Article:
However, this is a high standard that is likely to be unattainable by most workers because whistle-blowers are often motivated by causes ancillary to the public interest.
These can include situations where they have issues with their employers or co-workers.
Prior to this regulation, motivations were irrelevant in the decision as to whether a disclosure was protected.
Now, a whistle-blower’s motivation is up for scrutiny where revealing a trade secret is involved.
According to the Regulations, a whistle-blower who makes a protected disclosure of a trade secret who cannot prove that they were motivated by the public interest can be liable to a criminal offence punishable by up to three years in prison and a fine of up to €50,000.
MH&C writes that, arguably, the key to the effectiveness of the Protected Disclosures Act 2014 was that the motivation of the whistle-blower is irrelevant.
This change in the law is significant because it is likely to act as a deterrent to whistle-blowers coming forward.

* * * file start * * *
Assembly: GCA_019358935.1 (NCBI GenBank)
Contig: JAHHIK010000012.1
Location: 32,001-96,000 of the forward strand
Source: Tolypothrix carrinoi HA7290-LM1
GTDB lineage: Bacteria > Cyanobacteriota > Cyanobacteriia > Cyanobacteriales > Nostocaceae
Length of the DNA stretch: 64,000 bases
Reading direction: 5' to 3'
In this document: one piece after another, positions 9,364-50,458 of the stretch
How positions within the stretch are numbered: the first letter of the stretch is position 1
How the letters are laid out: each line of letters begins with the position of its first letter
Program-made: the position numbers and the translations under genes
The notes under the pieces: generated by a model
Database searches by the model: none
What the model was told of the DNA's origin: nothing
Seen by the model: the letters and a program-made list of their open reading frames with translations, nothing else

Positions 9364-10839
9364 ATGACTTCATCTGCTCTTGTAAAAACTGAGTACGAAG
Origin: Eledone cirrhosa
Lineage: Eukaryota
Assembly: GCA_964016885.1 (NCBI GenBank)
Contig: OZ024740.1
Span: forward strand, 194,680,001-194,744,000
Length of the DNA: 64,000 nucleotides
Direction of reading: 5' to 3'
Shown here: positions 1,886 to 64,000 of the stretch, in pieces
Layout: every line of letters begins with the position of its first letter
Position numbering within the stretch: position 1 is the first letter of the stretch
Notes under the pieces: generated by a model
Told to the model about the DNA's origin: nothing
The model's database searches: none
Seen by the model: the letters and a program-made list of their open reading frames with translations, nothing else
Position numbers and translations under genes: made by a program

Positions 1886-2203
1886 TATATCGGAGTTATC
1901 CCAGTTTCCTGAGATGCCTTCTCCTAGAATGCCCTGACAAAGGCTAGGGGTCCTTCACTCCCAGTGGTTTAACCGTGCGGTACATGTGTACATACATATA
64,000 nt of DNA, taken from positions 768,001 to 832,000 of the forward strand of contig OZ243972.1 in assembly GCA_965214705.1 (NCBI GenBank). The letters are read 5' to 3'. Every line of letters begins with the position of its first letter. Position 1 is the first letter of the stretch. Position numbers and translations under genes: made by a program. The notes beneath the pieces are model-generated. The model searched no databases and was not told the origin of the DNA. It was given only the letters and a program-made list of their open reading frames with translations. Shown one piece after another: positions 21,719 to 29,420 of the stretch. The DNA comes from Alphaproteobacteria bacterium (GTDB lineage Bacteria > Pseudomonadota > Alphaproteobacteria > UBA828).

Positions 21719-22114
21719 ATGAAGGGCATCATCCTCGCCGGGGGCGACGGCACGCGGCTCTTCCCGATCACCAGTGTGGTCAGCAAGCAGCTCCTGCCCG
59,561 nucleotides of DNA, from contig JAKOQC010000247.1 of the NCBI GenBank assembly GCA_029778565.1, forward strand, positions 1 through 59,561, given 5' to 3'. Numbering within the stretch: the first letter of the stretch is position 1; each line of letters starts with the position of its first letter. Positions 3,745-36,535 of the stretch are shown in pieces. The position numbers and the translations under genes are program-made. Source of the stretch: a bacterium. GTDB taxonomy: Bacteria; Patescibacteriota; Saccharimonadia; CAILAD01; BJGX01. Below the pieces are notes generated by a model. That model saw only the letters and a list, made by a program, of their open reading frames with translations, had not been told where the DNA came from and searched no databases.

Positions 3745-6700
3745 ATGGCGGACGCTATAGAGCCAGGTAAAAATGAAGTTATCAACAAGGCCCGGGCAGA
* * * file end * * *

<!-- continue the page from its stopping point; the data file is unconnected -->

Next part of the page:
Employers should be aware of this change to the law and should, when receiving a protected disclosure, consider if the protected disclosure contains information which might qualify as a trade secret.
If this is the case, then the whistle-blower will have to prove that they were motivated by the public interest in order to gain the protections of the Protected Disclosures Act 2014
In addition, an employer now has a range of options available to it if a trade secret is used contrary to the Regulations, such as civil claims for damages and potentially, injunctive relief.
In addition, employers should consider taking steps to protect their trade secrets such as comprehensive non-disclosure and confidentiality agreements.